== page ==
A year or so ago, when I really began having such great conversations with Karen, the idea of doing a website of movie essays or reviews was suggested many times. I always nixed it, though, knowing that I was no longer disciplined enough to be consistent. Turns out that Karen had interest in doing a blog as well, was conscious of having a similar problem to mine, and she suggested that, mayhaps, we could do it together. We could keep ourselves in check with deadlines, encourage each other to continue writing, give each other feedback on how to improve. Karen suggested Greg as a third partner (which, also, let’s face it, alleviates the amount of work one person has to do even further) and I was right on board with that. I like Greg’s writing, I adore his sense of humor, and I have a deep respect for his opinions on film (even if, in my opinion, he ranks Pulp Fiction lower than it deserves).

So…that’s it. My goal: teach myself to, once again, write for pleasure. With additional support from two old friendd. If something comes from this, I’m all for it. But regularly writing because I want to is a sound enough goal without getting too far ahead of myself.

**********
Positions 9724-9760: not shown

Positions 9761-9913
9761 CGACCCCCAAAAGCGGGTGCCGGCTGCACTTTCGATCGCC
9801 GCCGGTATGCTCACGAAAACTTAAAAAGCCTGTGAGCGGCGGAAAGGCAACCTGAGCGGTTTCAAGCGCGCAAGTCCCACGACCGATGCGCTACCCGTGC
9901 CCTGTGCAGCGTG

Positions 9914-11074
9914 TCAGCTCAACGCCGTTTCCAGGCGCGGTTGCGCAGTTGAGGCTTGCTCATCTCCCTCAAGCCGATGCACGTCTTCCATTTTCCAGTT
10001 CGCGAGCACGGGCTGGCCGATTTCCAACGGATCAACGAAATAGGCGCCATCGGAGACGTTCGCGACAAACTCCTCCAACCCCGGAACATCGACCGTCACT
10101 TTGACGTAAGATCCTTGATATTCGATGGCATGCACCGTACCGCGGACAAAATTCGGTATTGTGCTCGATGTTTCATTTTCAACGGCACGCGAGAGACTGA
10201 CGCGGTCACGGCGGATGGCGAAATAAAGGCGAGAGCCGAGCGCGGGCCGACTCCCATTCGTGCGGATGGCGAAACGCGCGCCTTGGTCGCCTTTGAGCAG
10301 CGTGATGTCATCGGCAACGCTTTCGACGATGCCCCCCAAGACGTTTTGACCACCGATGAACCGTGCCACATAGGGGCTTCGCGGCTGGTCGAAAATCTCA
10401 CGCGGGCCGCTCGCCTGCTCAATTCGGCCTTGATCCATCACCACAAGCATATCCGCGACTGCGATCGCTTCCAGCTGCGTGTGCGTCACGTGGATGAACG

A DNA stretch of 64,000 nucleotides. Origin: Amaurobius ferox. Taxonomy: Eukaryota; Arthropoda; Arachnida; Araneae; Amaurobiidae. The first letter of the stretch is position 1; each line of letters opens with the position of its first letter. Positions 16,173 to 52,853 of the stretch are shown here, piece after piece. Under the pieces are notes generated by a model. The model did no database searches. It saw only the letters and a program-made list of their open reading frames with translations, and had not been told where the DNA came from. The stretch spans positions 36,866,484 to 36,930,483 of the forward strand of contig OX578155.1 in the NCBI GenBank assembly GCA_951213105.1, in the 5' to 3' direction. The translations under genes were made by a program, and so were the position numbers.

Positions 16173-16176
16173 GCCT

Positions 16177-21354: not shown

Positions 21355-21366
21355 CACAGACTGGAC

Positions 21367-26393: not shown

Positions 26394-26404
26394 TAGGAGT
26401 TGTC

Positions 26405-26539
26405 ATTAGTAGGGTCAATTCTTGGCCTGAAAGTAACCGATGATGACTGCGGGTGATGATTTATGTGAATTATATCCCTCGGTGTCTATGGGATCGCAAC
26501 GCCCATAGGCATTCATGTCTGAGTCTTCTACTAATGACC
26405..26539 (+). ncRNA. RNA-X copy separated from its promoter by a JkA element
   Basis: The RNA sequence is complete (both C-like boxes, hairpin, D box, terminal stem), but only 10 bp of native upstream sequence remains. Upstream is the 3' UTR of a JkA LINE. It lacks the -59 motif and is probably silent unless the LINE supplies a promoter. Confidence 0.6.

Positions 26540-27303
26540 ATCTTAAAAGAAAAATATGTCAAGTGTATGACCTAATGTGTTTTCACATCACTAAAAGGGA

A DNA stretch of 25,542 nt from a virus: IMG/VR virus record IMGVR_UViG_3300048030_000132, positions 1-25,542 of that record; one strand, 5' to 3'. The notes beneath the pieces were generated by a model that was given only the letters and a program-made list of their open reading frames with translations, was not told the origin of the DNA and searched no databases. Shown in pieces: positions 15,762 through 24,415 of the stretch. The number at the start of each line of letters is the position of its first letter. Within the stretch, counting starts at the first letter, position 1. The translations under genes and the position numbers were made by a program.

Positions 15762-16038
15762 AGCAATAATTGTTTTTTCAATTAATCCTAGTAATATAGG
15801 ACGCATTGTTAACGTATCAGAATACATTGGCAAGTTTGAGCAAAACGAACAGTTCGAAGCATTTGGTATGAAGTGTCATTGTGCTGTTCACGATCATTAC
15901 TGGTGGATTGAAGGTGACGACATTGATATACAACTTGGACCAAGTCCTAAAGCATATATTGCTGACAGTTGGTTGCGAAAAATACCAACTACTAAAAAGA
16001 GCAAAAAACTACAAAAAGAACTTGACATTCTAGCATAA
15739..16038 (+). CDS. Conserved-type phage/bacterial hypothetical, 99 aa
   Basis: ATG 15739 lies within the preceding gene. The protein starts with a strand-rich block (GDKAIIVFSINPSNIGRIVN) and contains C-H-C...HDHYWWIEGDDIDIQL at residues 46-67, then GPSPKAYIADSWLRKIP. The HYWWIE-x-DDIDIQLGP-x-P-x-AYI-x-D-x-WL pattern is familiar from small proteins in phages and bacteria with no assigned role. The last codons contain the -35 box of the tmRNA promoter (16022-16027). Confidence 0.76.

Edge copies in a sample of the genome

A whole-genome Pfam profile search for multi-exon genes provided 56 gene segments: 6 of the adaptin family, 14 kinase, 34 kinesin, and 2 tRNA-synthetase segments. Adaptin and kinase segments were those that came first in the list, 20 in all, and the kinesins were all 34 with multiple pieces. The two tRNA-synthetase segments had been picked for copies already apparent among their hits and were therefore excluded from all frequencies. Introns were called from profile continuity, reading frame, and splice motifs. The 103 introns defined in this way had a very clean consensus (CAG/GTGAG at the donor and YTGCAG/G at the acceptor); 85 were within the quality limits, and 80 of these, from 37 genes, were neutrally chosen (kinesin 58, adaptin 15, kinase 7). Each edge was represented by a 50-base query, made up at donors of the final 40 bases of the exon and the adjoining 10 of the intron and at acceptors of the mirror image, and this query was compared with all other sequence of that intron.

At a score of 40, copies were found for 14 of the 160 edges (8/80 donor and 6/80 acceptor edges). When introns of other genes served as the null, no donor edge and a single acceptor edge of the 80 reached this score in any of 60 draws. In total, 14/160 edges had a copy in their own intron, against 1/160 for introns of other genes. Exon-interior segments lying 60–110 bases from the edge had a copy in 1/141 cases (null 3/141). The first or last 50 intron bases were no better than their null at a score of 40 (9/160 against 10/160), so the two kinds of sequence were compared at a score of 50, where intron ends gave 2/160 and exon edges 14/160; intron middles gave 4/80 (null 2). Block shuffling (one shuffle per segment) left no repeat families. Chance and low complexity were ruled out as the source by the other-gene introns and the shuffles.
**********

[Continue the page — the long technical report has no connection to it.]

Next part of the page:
Karen’s answer was more fun:

“I don’t want to sell anything, buy anything, or process anything as a career. I don’t want to sell anything bought or processed, or buy anything sold or processed, or process anything sold, bought, or processed, or repair anything sold, bought, or processed. You know, as a career, I don’t want to do that.”

Basically, I just want to write about movies.

(Incidentally, the first person who comments below with the source of that quote will receive a prize that they will, undoubtedly, be disappointed with.)

Greg did not get to answer this question. Mostly, because he was not asked. Greg cannot be blamed for that.

But he was asked the following question, by Karen: I know from conversations and social media posts that you really enjoy your work managing movie theaters. What do you think we can do to keep people watching movies in theaters when the appeal of watching a film at home for convenience and cost sometimes outweighs the pull of the cinema for movie viewers?

Greg responds: